Spring is here, which means so many things: In Chicago, we know with all the certainty of death and taxes that it's the start of another losing Cubs season. But as I like to say, frustrated Cubs fans can always throw a tomato, while frustrated tomato growers can only throw a fit.
Yes, the growing season is upon us, which means that whether you're planting a garden or just making sure that lawn of yours is neat and trim, it's time to break out the hoes and weed whackers and get to work. But as I see it, how green your garden grows may have little or nothing to do with how "green" your behavior is.
Below is my list for eight green things you can do make sure that lawn or garden grows in direct proportion to your eco-consciousness. Read on, and get planted:
1) Heaping praise on compost.
Aside from being a great example of reuse and recycle in action, compost is as cheap as it gets. There's no greater free supply of garden fertilizer than homemade compost, where you recycle organic materials you would ordinarily discard. All you'll really need to buy is a compost bin, and you can find those at places like Home Depot for $30. Plants love compost, and you can also work it into potting soil to improve its structure. Check out the free advice at compostguide.com for getting your fertilizer pile going.
2) From coffee grounds to Mother Earth.
Spent coffee grounds also make excellent fertilizer. Ground coffee is high in nitrogen, making it a very good mulch for fast-growing vegetables. Many organic growers swear by coffee grounds as mulch for tomato plants, both for the nitrogen boost and coffee's ability to help suppress late blight. Starbucks' "Grounds for Your Garden" program is impressive in that the coffee grounds come neatly packaged with a list of helpful instructions; however, the popularity of the program means the free grounds might be hard to nab. Ask around at smaller, local coffee shops and bring a sturdy plastic bag; many baristas are happy to help. Smaller chains such as Peet's also give away their leftover grindings.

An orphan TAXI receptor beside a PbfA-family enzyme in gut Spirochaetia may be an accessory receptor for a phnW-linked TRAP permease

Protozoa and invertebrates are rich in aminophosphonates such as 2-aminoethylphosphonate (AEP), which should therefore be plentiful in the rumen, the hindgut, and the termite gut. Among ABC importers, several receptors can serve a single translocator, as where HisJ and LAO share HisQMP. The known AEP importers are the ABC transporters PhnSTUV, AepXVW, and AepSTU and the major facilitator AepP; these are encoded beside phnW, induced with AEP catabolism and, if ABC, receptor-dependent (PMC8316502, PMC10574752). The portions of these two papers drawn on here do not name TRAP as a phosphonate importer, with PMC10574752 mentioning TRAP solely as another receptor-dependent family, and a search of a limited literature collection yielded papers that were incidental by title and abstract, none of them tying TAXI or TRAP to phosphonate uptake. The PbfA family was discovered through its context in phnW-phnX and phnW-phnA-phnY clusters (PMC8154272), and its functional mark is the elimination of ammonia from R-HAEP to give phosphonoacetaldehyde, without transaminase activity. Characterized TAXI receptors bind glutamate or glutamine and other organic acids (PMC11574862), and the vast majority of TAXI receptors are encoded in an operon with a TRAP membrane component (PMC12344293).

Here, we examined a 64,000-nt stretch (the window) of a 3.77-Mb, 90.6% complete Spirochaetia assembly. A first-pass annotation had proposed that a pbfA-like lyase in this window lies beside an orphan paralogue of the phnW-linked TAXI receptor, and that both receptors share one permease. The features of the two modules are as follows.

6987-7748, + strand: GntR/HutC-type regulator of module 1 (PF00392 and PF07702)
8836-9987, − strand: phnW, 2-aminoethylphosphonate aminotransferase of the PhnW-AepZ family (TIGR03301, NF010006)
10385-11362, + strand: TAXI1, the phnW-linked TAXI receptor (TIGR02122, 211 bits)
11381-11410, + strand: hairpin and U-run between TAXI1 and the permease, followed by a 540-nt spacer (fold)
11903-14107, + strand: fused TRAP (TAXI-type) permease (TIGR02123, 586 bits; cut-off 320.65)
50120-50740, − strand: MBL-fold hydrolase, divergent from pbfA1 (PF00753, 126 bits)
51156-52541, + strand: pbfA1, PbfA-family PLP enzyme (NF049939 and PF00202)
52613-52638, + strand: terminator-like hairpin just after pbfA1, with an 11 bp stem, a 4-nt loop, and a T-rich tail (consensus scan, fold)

3) Free seeds from your fridge and pantry.
As you start planting, remember that you can gather the seeds you need from fruits and vegetables you eat. For a small-up front investment at the supermarket, you may never have to buy fruit again for the remainder of the growing season. Among the heirloom plants, you can harvest the seeds of your sunflowers, watermelon, beans and peas. But zucchinis, squash and pumpkins often cross-pollinate, meaning the seeds you scoop from the fruit will probably produce a strange hybrid. If you need to buy seeds, there are plenty of options online, especially for herbs, like Heirloom Lemon Basil from Seeds of Change for just $1.42.
4) Water saving measures.
Whether you are gardening or growing a lawn, experts agree that you'll need at least 1 inch of water per week. But most of us fail to rely on — or trust — nature's bounty of the wet stuff. Americans spend way too much in money and resources on lawn watering: 30% of water used on the East Coast goes to watering lawns; 60% on the West Coast, according to the U.S. National Wildlife Federation. One great way to conserve water and save money: Buy a rain barrel. Home Depot, for example, sells a 105-gallon rain barrel that collects rain fast, straight from your gutter spout. It will cost you about $110, and cheaper options exist: this 74-gallon model costs $60 and works in the same exact way.